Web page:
Nicki Minaj is wary that the ruling could decimate experimentation in hip-hop.
In the weeks leading up to the album’s released, Minaj tweeted about her frustrations over a track, “Sorry.” The song, which featured Nas, originally interpolated Tracy Chapman‘s 1988 track “Baby Let Me Hold You.” Minaj’s representatives sought a license to sample the track, but were rejected. The original version was scrapped, thus Nicki and Nas worked on a new version of the song. Subsequently, the song was left off the album altogether.
Here’s where things get tricky. The day after the album’s release, Funkmaster Flex played the song, leading Chapman to issue DMCA takedown notices for copyright infringement. Eventually, she sued Minaj for copyright infringement.
“[Minaj] violated Ms. Chapman’s copyright by creating an illegal derivative work and distributing that work,” says Chapman’s attorney John Gatti. “Moreover, these actions were indisputably willful.”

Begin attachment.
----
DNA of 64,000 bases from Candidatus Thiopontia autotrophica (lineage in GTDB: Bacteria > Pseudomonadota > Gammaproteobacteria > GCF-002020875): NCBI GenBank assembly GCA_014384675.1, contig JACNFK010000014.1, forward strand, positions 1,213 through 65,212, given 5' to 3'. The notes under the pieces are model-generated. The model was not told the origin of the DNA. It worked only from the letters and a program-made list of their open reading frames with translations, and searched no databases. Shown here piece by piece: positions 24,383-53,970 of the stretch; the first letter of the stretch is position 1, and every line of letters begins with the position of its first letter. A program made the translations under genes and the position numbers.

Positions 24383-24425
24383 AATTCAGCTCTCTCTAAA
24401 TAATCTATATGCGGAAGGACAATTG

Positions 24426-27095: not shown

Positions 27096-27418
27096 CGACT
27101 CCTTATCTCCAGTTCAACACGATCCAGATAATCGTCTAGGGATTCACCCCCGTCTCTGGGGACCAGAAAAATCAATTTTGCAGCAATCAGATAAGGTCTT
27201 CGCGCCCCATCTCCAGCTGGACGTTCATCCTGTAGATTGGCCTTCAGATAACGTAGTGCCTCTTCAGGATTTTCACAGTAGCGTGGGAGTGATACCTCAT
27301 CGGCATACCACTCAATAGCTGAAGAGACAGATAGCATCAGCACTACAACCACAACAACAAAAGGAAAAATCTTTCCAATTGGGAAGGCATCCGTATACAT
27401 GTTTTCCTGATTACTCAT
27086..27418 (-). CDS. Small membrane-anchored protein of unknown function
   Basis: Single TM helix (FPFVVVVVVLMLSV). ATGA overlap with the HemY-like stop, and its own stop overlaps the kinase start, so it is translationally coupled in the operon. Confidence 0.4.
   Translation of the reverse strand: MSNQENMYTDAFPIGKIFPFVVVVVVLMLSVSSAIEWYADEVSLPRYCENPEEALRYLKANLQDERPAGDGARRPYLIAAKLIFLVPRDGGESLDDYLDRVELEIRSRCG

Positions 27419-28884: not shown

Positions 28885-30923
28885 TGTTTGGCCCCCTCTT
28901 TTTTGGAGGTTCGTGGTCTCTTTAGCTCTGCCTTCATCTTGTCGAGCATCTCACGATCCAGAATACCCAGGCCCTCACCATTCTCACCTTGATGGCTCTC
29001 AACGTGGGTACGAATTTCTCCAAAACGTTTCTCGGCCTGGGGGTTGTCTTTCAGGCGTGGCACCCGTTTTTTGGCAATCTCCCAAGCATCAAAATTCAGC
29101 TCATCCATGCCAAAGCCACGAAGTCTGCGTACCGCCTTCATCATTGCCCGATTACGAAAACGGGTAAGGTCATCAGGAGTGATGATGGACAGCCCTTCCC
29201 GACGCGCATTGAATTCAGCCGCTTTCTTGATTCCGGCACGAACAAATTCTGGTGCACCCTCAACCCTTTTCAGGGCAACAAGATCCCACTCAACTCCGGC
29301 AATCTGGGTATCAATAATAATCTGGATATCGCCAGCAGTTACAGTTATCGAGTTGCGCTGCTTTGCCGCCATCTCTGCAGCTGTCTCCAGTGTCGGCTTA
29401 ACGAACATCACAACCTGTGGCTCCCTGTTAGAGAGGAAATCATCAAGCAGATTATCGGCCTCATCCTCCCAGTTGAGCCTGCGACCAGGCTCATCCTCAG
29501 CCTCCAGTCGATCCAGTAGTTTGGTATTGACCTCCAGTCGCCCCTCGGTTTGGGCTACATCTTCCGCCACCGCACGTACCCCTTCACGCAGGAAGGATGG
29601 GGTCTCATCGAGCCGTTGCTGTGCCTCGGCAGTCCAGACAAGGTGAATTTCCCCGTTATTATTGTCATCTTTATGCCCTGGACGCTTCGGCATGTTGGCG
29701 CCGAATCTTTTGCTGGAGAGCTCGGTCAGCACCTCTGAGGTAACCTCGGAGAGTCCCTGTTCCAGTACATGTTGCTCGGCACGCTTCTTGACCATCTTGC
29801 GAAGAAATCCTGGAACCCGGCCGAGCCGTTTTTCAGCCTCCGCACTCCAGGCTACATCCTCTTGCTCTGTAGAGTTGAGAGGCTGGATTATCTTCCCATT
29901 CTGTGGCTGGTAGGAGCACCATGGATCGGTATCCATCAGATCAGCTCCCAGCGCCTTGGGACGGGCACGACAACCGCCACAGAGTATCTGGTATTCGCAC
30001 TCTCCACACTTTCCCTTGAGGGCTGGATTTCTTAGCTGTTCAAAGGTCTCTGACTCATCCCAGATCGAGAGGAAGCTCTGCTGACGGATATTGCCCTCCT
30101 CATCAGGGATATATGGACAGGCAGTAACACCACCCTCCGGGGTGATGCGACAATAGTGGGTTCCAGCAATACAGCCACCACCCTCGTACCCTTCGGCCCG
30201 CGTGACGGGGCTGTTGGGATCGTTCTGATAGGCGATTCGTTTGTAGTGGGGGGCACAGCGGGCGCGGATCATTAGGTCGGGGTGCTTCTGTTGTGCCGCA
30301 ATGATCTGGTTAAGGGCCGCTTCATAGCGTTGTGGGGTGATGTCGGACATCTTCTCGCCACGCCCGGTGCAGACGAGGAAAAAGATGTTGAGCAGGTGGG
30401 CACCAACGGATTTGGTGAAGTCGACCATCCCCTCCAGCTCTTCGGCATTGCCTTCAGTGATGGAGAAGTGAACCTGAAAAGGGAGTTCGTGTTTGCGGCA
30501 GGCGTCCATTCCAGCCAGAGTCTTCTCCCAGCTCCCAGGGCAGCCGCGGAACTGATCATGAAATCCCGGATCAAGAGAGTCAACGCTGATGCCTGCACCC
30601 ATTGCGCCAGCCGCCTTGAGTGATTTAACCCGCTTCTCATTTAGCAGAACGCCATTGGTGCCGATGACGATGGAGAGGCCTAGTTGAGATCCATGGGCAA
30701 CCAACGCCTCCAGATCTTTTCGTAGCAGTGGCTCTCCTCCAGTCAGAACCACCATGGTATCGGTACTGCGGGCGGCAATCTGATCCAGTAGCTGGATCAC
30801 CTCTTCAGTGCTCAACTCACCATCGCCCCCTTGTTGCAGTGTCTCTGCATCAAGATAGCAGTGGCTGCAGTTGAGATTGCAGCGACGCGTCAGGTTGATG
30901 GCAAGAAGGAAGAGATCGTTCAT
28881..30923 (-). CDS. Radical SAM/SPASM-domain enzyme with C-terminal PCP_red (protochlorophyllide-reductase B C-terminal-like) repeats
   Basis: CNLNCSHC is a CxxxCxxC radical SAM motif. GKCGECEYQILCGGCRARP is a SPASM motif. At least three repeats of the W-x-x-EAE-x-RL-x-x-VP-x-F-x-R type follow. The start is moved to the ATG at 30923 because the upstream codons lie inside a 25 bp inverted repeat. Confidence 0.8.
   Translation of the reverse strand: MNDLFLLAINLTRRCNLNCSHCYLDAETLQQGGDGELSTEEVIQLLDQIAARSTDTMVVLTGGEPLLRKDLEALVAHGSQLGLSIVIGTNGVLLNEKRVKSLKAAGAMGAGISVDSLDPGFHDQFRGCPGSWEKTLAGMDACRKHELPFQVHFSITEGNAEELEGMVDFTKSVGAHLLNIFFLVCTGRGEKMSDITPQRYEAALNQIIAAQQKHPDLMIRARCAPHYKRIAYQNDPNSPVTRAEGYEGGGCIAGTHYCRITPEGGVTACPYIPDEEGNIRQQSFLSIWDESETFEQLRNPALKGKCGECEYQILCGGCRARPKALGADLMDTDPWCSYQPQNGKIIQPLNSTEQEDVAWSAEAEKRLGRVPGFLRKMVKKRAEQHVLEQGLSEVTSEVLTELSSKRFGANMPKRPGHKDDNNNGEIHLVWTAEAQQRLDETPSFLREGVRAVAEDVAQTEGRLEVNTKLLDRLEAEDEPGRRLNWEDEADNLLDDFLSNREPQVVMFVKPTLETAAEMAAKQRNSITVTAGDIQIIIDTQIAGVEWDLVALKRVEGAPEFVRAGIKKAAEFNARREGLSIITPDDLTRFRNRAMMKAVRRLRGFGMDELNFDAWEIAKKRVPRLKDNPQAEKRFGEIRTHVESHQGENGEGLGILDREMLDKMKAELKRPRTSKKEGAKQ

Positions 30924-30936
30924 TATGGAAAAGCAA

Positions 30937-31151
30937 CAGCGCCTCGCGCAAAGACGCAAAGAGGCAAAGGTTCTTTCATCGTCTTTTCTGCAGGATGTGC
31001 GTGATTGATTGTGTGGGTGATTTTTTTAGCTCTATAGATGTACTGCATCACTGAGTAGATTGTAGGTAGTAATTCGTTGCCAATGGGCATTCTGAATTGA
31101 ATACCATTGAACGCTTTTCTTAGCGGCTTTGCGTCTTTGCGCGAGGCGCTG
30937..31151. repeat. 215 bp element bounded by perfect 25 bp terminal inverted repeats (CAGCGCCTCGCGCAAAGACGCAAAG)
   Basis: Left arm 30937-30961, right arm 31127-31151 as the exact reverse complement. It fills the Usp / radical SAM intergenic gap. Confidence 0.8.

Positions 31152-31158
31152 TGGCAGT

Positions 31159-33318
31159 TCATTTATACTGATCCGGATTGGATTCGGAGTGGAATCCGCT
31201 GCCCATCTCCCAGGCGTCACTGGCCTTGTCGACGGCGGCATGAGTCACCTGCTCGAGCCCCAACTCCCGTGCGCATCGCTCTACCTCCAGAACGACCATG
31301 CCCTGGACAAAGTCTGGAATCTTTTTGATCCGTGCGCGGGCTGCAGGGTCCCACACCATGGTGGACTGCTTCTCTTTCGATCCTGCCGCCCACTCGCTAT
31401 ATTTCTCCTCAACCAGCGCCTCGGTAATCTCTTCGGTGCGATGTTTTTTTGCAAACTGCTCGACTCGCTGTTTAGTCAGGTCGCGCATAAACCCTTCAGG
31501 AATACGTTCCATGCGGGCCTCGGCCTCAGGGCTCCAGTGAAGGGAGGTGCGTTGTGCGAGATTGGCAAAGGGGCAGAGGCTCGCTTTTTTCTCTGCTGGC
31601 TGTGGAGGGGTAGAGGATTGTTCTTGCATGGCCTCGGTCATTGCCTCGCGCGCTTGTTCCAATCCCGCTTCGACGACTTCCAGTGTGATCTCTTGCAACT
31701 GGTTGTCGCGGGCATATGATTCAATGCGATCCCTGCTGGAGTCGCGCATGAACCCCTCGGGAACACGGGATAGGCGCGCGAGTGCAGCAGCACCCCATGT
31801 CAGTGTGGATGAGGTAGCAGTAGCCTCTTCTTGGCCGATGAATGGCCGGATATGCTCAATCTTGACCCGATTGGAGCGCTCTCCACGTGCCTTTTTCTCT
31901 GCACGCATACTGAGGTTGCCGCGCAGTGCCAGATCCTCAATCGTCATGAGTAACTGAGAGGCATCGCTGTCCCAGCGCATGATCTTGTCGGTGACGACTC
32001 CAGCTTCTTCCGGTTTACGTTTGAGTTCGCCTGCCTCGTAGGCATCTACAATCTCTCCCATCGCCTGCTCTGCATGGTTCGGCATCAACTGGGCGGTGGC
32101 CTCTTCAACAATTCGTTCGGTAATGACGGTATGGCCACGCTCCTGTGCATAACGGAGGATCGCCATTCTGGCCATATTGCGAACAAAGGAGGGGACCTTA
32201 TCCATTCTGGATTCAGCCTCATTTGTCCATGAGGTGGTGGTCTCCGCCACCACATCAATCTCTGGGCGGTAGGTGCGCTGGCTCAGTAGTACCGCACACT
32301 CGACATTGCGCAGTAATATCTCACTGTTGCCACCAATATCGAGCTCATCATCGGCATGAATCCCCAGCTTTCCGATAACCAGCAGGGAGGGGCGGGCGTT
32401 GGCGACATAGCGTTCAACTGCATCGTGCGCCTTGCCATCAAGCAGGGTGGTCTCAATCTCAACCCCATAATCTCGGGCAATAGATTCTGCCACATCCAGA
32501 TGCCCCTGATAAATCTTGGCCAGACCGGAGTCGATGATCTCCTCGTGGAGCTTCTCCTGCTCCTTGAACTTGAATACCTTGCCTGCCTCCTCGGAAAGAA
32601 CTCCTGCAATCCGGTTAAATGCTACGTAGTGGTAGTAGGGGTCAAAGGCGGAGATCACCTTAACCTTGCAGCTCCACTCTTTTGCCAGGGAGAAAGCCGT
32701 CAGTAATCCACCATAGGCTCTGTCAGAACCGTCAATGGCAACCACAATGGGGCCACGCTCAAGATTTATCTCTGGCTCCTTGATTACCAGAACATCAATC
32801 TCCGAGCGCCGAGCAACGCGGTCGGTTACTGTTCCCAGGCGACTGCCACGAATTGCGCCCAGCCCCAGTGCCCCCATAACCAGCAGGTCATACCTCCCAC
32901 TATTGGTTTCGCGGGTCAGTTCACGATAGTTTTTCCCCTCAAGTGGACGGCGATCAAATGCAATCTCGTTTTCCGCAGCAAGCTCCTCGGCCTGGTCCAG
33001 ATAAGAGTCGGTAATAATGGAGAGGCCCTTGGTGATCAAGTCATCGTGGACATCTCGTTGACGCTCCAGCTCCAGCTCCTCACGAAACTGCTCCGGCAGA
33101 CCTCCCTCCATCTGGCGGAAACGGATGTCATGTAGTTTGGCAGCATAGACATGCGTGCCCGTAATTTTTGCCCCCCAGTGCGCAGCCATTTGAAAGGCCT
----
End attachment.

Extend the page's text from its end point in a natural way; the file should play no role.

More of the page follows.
Nicki’s attorney Eric George sees it differently. If Chapman’s suit is successful, the precedent will make it illegal for artists to sample older songs without the artists’ consent, even if the songs go unreleased.
“In the process of creation, no one approaches the original songwriter for a license to experiment,” the court brief reads. “The musicians just experiment. If something works, and the recording artist wants to release the song commercially, then the record label, managers, and attorneys get involved and seek the required permission. If it is granted, the recording is commercially released. If permission is denied, the recording is discarded; no one is harmed; and the experimentation begins anew. Recording artists require this freedom to experiment, and rights holders appreciate the protocol as well.”
The eventual ruling will greatly affect hip-hop in particular, which has a long, storied history of sampling.